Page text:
Eye irritation:

Since there is no OECD-Guideline 405 study on eye irritation potential of Ethyl acrylate, a weight of evidence approach was followed for the assessment. Three older studies which were reliable with restrictions were considered.

The instillation of one drop of undiluted ethyl acrylate in the eye of two rabbits caused strong redness of the conjunctiva in both animals. In one rabbit, opacity of the cornea was observed within the first 24 hours. After 24 hours, a slight redness of the conjunctiva was observed only in one animal. The effects were completely reversible after five days (BASF AG, 1958). In a second study, one eye of six rabbits was instilled with 0.1 ml of ethyl acrylate. The eyes were examined 24, 48 and 72 hours after dosing. Mild to severe conjunctival inflammation and some corneal opacity and iritis were seen at 24 hours. One animal was terminated due to the severity of the lesions. The eyes of the other five animals either cleared or had reduced irritation by 72 hours. It was concluded by the authors that ethyl acrylate was an ocular irritant (Norsolor, 1980). In a third study, gradually decreasing amounts of undiluted EA were applied directly to the corneas of 5 rabbits as described by Carpenter and Smyth (1946). It was found that 0.5 mL produced severe necrosis of the corneas within 24 hrs, and that 0.1 mL produced moderate necrosis within the same period of time (Pozzani 1949).

Taking into account all the presented information, it was concluded that EA is an eye irritant.

Respiratory irritation:

There exists no standard test method for the assessment of respiratory irritation. Thus, the labelling of EA with "R 37, Irritating to respiratory tract" according to current EU regulations is not based on results of a specific respiratory irritation test, but on considerations on the general irritation potential of EA. There is evidence that ethyl acrylate causes respiratory irritation following repeated inhalation exposure. In addition, an Alarie Assay was performed by De Ceaurriz et al. (1981). The exposure to approximately 1.3 mg EA/L for approximately 5 min caused a 50 % decrease in the respiration rate (RD50 = ca. 1.3 mg/L air). Silver et al. (1981) confirmed the respiratory irritancy of ethyl acrylate by measuring its effect on the respiratory frequency, tidal volume, minute ventilation, and rectal temperature as indices for irritancy.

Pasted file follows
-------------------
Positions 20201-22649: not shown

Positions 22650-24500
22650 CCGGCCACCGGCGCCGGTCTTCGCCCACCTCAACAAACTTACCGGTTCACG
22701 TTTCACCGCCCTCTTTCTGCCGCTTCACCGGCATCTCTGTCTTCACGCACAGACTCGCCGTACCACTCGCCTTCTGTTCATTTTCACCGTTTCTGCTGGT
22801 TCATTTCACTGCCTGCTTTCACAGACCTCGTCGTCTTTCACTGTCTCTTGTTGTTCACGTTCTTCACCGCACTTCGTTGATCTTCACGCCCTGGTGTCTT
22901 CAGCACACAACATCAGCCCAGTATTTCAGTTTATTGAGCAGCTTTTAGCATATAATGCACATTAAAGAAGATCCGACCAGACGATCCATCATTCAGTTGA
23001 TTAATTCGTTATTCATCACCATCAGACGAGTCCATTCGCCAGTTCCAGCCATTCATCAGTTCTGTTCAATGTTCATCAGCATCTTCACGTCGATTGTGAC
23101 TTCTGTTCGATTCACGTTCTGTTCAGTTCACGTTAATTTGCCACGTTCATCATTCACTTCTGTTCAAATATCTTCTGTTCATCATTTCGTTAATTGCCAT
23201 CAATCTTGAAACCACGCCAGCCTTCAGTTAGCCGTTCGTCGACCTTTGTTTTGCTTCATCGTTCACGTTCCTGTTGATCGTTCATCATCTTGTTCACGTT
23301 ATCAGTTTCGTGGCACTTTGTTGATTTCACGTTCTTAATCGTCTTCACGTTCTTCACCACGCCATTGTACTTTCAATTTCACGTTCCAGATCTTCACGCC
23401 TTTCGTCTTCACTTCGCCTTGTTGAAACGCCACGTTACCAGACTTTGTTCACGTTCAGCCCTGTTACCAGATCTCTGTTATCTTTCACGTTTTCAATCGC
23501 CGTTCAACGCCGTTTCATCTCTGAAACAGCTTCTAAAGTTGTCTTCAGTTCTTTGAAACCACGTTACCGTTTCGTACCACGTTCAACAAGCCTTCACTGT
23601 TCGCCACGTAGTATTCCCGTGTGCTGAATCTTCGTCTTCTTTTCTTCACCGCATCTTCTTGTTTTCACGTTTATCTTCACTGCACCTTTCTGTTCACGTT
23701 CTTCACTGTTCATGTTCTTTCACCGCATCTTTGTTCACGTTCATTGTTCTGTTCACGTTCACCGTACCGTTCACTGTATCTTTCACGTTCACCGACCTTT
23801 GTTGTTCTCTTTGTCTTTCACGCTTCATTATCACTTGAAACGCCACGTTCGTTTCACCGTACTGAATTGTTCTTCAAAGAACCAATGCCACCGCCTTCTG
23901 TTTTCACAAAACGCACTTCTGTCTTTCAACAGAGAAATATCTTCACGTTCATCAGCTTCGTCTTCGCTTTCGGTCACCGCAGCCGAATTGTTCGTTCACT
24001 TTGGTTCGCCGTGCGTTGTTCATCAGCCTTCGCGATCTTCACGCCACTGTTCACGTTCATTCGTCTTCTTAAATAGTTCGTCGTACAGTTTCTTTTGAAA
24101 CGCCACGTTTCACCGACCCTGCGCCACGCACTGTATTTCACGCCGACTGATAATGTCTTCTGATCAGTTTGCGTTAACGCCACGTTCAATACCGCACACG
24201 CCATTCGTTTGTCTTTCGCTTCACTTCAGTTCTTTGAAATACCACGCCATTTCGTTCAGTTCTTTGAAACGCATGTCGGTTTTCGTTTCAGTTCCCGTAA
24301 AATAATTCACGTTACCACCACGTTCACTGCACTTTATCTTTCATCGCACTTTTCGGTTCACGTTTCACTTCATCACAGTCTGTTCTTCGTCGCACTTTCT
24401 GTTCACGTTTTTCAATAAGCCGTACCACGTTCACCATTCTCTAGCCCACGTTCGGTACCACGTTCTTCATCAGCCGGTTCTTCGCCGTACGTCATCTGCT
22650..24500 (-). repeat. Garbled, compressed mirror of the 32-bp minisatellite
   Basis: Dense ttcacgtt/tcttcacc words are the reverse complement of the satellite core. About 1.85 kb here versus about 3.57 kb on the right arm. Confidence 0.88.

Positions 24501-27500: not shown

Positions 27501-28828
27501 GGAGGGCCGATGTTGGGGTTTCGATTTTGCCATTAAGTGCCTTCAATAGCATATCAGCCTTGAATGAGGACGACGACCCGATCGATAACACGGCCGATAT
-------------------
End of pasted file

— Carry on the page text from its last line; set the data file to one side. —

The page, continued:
Thus, labelling with R 37 is confirmed on the basis of all of the respective data mentioned in this IUCLID5 -Registration Dossier.

Justification for classification or non-classification

EU classification according to Annex I of Directive 67/548/EEC: Xi, R36/37/38

GHS classification (GHS UN rev.3, 2009):

- Skin corrosion/irritation: Category 2

- Serious eye damage/eye irritation: Category 2A (Category 2 under CLP)

- Specific target organ toxicity, Single exposure: Category 3 (May cause respiratory irritation)